By Andrew Asch | June 26, 2020
On June 25, SB 1399: Garment Worker Protection Act passed the California Senate in a 25 -11 vote.
A judge for the National Labor Relations Board ruled June 22 that retailer Hennes & Mauritz had violated labor laws when it fired a worker, Nick Gallant, from an H&M store in the San Francisco Bay Area town of Emeryville, Calif.
Designer Mossimo Giannulli and his actor wife, Lori Loughlin, best known for playing Aunt Becky on the sitcom “Full House,” which ran from 1987 to 1992, agreed to plead guilty for their involvement in the Operation Varsity Blues college-admissions bribery scandal that dominated national news in 2019.
Labor leaders received a boost on May 14 when SB 1399, the Garment Worker Protection Act, was approved by four out of five members of the California State Senate’s Committee on Labor, Public Employment and Retirement. Now, SB 1399 moves to the Senate Appropriations Committee, no hearing on the bill has been scheduled.
San Francisco children's boutique Mudpie recently filed a class-action lawsuit on behalf of California’s retail stores, alleging that small businesses have been wrongfully denied insurance coverage for losses resulting from following rules and closing to help prevent the spread of COVID-19.
Following the Jan. 1 implementation of San Francisco’s fur ban, the International Fur Federation announced its filing of a lawsuit against the city in U.S. District Court for the Northern District of California. Citing what it calls the “unconstitutional restriction on interstate and foreign commerce,” the IFF maintains that banning the sale of fur could lead to legislation regulating other animal products.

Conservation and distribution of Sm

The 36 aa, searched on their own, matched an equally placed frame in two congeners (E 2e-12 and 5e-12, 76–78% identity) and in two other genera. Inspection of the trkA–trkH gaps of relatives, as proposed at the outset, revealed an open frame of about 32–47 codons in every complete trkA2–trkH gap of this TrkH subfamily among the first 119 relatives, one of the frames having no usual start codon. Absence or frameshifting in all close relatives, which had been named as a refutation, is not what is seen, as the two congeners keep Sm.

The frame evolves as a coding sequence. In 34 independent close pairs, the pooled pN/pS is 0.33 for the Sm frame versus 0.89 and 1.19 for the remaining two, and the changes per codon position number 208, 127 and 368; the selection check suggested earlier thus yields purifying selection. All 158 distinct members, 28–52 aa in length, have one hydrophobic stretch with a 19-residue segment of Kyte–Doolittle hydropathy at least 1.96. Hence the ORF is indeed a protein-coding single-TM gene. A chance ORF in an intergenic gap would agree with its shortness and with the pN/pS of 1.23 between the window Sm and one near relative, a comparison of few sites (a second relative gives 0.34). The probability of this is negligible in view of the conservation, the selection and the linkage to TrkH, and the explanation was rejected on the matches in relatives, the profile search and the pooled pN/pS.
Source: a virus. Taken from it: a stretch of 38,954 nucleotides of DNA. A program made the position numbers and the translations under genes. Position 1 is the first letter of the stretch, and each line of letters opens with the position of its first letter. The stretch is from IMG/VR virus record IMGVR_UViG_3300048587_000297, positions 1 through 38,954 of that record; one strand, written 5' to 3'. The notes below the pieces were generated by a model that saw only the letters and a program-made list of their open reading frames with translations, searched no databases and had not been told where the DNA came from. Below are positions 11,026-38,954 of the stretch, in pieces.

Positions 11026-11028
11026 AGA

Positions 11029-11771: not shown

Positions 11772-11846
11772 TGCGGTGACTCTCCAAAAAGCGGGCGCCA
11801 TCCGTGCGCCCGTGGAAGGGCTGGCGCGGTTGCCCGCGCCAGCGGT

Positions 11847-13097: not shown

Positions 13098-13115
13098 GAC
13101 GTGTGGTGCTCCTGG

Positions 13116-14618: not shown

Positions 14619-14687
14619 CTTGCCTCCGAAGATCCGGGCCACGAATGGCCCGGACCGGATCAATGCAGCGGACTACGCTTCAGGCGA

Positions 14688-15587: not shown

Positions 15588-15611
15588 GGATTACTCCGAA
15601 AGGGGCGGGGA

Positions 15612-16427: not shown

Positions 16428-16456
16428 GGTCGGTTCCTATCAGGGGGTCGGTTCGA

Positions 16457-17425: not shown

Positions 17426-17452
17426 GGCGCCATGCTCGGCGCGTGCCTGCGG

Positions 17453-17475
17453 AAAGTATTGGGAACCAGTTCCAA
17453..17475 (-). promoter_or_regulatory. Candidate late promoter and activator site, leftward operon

A new year means new California workplace laws in which employers must become well versed. For 2020, Gov. Gavin Newsom has signed into law a number of bills that protect workers’ rights and, also, redefine the role of employees.
Fashion Nova Inc., a prominent Los Angeles–headquartered digital retailer of stylish yet affordable clothing, has been the subject of a wage-theft investigation by the U.S. Department of Labor, according to a widely read New York Times article published this week.
Issues in copyright and labor kept lawyers busy in 2019; however, the Los Angeles case that made the most headlines was a streetwear brand that brought its case to the U.S. Supreme Court.
One of the most notorious criminal cases of 2019 was the “Operation Varsity Blues” college-admissions scandal in which a number of wealthy parents were accused of crimes ranging from bribery to money laundering in a scheme to guarantee their children’s admission into renowned universities.
Anaheim, Calif.–headquartered Pacific Sunwear of California, LLC, will pay $85,000 to settle a discrimination lawsuit filed by the U.S. Equal Employment Opportunity Commission, it was announced on Sept. 20.
Copyright-infringement lawsuits have been big business in Los Angeles, which is the center of many creative industries including fashion, film and music. But a recent case tackling this topic in Southern California is making waves and might force prospective plaintiffs to be more diligent when filing for copyright protection.
After a six-month investigation, the U.S. Department of Labor issued a nearly $54,000 fine against a Los Angeles garment sewing contractor for underpaying 21 employees.
Fashion designer Mossimo Giannulli and wife, Lori Loughlin, pleaded not guilty on charges stemming from a college-admissions scandal case involving their two daughters.
Nearly one month after 33 parents were indicted for paying bribes to get their children into prestigious universities, 16 of them were indicted by a federal grand jury on a secondary charge of fraud and money laundering.